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Data grouping aggregation and sorting

Grouping aggregation is very important. It has its own part in the official pandas document: groupby: split apply combine.

import pandas as pd
pd.set_option('max_rows', 5)
import numpy as np
melbourne_data = pd.read_csv('melb_data.csv') 

Mapping maps allow us to transform data in a dataframe or series for the entire column at once. However, we usually want to group the data and then perform specific operations on the group in which the data resides. To do this, we can use the group by operation.

For example, the function that we’ve been using a lot so far is the value “counts function. We can copy the operations performed by value “counts by performing the following group by operations:


Groupby creates a set of classifications that assign the same point values to a given house classification. Then, for each of these groups, we calculate the number of times it appears.

Value “counts is only a shortcut to this groupby operation. We can use any aggregate function we’ve used before. For example, to get the cheapest house in each category, we can do the following:


You can think of each group we generate as a fragment of our dataframe that contains only data that matches values. We can access this dataframe directly using the apply method, and then we can manipulate the data in any way we think fit. For example, here is a way to select the address of the first house in each house country in the dataset:

melbourne_data.groupby('Suburb').apply(lambda df: df.Address.iloc[0])

For finer grained control, you can also group by multiple columns. For example, we will select your house by region and suburban:

melbourne_data.groupby(['Regionname', 'Suburb']).apply(lambda df: df.loc[df.Price.idxmax()])

Another group by method worth mentioning is AGG, which allows you to run a bunch of different functions on the dataframe at the same time. For example, we can generate a simple statistical summary of the dataset as follows

melbourne_data.groupby(['Suburb']).Price.agg([len, min, max])

Using groupby effectively will allow you to perform many very powerful operations using datasets.

Multi index

In all the examples we’ve seen so far, we’ve been using a dataframe or series object with a single label index. Groupby is slightly different because it sometimes produces so-called multi indexes, depending on the operation we are running.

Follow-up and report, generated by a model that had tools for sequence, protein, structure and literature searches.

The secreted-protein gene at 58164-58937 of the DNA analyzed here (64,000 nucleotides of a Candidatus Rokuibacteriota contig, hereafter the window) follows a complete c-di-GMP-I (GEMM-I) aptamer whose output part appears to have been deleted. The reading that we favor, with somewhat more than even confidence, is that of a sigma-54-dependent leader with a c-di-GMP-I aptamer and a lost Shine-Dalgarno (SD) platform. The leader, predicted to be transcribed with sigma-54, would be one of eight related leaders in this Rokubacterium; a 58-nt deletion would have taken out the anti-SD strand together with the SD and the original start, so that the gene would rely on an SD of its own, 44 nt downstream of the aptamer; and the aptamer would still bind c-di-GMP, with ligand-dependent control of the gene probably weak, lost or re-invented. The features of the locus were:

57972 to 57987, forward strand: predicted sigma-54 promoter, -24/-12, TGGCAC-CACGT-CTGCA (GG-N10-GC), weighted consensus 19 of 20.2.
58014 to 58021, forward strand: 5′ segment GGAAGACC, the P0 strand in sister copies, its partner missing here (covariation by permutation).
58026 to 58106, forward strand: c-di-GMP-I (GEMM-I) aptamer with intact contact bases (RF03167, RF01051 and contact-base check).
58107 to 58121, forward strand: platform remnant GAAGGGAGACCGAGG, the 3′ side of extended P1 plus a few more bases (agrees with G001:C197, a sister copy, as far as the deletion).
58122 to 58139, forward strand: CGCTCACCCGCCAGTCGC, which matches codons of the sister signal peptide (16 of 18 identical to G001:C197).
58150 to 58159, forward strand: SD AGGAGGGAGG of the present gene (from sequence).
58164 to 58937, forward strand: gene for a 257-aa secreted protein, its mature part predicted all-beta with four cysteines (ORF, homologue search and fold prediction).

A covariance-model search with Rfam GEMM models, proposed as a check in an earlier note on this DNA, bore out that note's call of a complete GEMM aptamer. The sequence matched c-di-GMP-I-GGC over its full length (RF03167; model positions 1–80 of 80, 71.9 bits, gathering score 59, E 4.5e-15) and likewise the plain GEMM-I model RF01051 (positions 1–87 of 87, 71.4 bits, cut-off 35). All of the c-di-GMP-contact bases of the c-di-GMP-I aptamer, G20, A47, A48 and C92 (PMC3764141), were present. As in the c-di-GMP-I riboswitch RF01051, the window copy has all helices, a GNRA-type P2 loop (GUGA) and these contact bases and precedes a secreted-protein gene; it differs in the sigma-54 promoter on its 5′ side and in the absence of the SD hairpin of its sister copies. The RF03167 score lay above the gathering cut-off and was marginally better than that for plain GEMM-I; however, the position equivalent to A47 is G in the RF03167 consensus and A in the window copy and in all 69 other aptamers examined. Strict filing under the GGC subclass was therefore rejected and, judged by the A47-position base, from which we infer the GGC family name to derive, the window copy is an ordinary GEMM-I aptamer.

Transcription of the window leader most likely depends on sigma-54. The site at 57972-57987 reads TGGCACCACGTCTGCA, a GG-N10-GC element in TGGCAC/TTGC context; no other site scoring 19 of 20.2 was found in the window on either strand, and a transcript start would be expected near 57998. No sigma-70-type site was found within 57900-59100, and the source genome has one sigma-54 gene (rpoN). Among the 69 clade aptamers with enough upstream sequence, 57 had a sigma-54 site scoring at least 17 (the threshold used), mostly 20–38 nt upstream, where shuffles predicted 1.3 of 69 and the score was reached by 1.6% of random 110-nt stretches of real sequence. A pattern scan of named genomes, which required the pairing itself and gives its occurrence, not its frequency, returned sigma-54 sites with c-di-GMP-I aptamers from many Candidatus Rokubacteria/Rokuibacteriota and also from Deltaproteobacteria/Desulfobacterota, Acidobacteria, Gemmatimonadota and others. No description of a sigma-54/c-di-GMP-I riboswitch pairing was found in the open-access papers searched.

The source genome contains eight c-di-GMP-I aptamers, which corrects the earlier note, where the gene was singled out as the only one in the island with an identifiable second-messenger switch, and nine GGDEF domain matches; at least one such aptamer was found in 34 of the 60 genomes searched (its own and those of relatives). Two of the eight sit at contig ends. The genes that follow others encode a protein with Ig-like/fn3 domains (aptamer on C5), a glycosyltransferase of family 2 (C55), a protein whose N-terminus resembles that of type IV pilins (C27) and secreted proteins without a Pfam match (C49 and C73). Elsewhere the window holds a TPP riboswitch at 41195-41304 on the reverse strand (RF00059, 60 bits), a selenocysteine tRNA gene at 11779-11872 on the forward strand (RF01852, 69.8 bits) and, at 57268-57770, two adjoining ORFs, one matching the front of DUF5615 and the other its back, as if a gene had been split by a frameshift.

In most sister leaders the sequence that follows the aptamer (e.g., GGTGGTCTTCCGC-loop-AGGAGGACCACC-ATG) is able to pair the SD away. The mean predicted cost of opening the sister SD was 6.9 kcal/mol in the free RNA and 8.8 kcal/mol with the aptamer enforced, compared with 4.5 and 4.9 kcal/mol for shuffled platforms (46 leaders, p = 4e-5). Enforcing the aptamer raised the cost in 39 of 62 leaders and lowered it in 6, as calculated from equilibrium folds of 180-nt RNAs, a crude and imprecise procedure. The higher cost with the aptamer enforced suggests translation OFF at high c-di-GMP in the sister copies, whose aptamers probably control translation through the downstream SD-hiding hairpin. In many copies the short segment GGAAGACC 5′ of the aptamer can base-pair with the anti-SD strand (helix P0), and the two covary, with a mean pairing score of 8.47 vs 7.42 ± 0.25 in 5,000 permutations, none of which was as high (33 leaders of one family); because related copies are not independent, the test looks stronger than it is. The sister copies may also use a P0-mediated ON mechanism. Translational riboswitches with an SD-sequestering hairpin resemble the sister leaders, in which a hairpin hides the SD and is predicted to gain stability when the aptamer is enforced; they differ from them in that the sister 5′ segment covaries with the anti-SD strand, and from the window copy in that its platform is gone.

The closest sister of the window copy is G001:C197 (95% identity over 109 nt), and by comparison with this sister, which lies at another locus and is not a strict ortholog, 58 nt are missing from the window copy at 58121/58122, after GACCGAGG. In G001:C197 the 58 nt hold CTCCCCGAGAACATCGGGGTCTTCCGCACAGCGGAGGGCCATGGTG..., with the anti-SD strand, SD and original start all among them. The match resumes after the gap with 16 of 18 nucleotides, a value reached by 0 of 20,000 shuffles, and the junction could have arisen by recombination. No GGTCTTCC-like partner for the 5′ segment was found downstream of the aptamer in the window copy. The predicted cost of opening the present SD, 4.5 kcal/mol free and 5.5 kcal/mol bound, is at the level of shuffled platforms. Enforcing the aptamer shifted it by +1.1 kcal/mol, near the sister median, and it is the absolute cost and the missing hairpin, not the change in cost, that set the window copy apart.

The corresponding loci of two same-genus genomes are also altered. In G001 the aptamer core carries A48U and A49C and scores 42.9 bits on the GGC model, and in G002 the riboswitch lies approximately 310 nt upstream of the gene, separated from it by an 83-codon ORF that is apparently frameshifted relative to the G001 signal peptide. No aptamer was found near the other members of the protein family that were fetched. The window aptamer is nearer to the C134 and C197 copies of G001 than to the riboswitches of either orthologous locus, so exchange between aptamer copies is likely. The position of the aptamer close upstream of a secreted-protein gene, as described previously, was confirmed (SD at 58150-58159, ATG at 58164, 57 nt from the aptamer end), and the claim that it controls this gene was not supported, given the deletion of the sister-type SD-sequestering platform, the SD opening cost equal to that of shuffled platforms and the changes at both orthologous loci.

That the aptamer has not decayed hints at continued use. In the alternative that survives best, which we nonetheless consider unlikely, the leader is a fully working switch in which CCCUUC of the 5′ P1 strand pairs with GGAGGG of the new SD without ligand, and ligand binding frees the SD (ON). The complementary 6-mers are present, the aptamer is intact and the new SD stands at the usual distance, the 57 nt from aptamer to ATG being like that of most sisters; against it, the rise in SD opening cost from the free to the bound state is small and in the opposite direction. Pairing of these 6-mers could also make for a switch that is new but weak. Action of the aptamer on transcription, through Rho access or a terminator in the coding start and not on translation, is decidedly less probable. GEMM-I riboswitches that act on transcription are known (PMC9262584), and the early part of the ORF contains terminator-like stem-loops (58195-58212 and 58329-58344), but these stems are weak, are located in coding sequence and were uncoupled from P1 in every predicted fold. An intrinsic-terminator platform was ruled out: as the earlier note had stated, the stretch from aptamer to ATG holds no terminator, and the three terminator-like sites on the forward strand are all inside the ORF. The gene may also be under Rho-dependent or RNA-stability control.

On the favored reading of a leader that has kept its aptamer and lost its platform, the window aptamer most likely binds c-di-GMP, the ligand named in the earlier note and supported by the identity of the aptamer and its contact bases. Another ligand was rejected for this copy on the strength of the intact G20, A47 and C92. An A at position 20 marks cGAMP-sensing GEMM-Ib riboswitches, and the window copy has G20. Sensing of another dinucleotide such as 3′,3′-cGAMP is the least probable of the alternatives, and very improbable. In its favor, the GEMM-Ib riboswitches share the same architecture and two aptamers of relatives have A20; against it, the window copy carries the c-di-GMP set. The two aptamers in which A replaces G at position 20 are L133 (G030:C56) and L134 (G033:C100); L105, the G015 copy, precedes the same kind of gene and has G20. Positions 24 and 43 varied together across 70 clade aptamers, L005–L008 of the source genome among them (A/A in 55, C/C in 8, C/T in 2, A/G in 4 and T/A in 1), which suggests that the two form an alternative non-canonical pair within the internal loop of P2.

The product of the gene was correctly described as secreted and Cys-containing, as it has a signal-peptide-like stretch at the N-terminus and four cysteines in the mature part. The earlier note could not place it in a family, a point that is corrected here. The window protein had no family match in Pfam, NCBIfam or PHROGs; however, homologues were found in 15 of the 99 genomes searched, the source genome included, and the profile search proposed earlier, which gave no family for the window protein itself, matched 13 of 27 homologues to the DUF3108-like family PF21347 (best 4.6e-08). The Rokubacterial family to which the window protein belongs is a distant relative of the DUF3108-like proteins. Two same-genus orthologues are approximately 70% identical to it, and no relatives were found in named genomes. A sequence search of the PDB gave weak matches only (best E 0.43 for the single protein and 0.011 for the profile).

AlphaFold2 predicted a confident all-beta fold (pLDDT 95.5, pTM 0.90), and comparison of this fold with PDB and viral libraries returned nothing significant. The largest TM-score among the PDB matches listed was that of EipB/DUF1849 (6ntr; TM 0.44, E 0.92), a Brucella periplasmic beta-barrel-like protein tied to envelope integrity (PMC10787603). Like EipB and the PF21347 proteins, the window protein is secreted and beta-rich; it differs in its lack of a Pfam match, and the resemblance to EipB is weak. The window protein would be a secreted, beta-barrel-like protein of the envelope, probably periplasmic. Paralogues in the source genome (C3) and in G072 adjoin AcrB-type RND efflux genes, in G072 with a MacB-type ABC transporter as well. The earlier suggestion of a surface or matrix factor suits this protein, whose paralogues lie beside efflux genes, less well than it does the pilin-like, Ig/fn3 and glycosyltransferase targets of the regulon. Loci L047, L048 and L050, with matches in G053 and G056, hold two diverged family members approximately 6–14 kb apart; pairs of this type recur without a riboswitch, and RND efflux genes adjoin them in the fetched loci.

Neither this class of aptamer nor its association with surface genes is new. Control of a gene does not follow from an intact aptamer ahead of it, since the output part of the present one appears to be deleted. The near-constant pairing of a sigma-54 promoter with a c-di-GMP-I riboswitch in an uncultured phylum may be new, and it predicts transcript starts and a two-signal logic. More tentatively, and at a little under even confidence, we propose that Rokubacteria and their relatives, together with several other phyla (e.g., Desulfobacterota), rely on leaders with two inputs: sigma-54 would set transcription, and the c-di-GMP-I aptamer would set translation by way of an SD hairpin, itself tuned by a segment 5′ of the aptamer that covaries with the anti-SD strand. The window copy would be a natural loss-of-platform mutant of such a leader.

The difference between a multi index and a regular index is that it has multiple levels. For example:

house = melbourne_data.groupby(['Regionname', 'Suburb']).Address.agg([len])
mi = _.index

There are several ways to deal with multi index hierarchy, which do not exist for single index. It also requires two levels of labels to retrieve values. Dealing with multiple index output is a common “problem” for users who are new to pandas.

Details the use cases of the multiindex and their use in the multiindex / advanced selection section of the pandas documentation.

However, the most commonly used method you use is to convert back to the normal index method, which is the reset ﹣ index method:



Looking at house, we can see that groups return data in index order, not in value order. That is, when outputting the result of groupby, the order of the rows depends on the value in the index, not the value in the data.

To get the data we want, we can sort it by ourselves. The sort_values method is very convenient for this.

house = house.reset_index()

Sort_values is ascending by default, with the lowest value in the first place. In most cases, we want to sort in descending order, with the higher number first. Do it in this way.

house.sort_values(by='len', ascending=False)

To sort by index value, use the matching method sort? Index. This method has the same parameters and default order:


Finally, you can sort by more than one column at a time:

house.sort_values(by=['Regionname', 'len'])

Original address: data processing [Swiss Army knife pandas guide]: 4. Grouping aggregation and sorting